Overview of Data Protection Laws in Wisconsin

Almost every organization in the world collects personal data from individuals, in one form or another. Indeed, most websites collect consumer information automatically. For this reason, every business must become familiar with relevant data protection laws and understand how to collect, store, use, and share data in compliance with these laws. Organizations that fail to comply with data privacy laws could incur substantial fines and other damaging consequences.

This blog post intends to give Wisconsin organizations a basic overview of consumer data privacy laws, their significance, and how such laws may apply to them.

What is Privacy Law?

“Privacy law” refers to laws governing the regulation, storage, sharing, and use of personally identifiable information, personal healthcare information, financial information, and other types of personal information. While both state and federal governments have various laws governing certain types of information privacy, as of now, no federal law exists to protect consumer data.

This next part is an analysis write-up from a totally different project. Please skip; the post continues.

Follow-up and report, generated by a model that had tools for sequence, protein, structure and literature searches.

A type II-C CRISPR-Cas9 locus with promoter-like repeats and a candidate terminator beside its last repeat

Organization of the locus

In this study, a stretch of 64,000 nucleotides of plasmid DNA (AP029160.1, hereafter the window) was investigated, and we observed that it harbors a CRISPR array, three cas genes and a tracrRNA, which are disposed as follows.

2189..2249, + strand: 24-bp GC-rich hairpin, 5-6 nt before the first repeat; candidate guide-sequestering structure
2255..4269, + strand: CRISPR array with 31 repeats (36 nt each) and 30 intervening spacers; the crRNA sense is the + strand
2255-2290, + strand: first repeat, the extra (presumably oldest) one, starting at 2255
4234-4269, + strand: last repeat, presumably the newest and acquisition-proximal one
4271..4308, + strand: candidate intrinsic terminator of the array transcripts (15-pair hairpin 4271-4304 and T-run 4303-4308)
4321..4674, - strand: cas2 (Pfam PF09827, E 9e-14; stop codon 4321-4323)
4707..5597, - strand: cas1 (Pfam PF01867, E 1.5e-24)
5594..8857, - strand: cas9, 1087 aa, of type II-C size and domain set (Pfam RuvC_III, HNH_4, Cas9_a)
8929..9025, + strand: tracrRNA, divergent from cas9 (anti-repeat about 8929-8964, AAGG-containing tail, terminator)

Given the absence of federal protection and the number of internet companies collecting—and often misusing—consumer data, several states, including Wisconsin, have developed or are beginning to develop state statutes designed to protect residents from data misuse online. Together with international data protection regulations, these state laws create an increasingly complex web of obligations for any organization collecting personal data.

What is Personally Identifiable Information?

The key to understanding and properly complying with consumer data privacy laws is understanding the term “Personally Identifiable Information” (PII). In general, PII is any information that may be used to identify an individual. Such information may include not only names, addresses, and government IDs, but also internet protocol (IP) addresses, cookie identifiers, and other automated identifiers.

Despite their many commonalities, international and domestic privacy laws have subtle differences in their categorization of PII. For example, some privacy laws allow pseudonymized or anonymized data to be excluded from PII. Pseudonymization is a reversible process that substitutes the original personal information with an alias or pseudonym such that additional information is required to re-identify the data subject. In contrast, anonymization irreversibly eliminates all ways of identifying the data subject. Similarly, IP addresses may be either static (i.e., specific to a particular computing device) or dynamic (i.e., the IP address changes over time). Static IP addresses are likely to be considered PII whereas dynamic IP addresses may not, depending on the applicable law.

An Overview of Key Data Protection Laws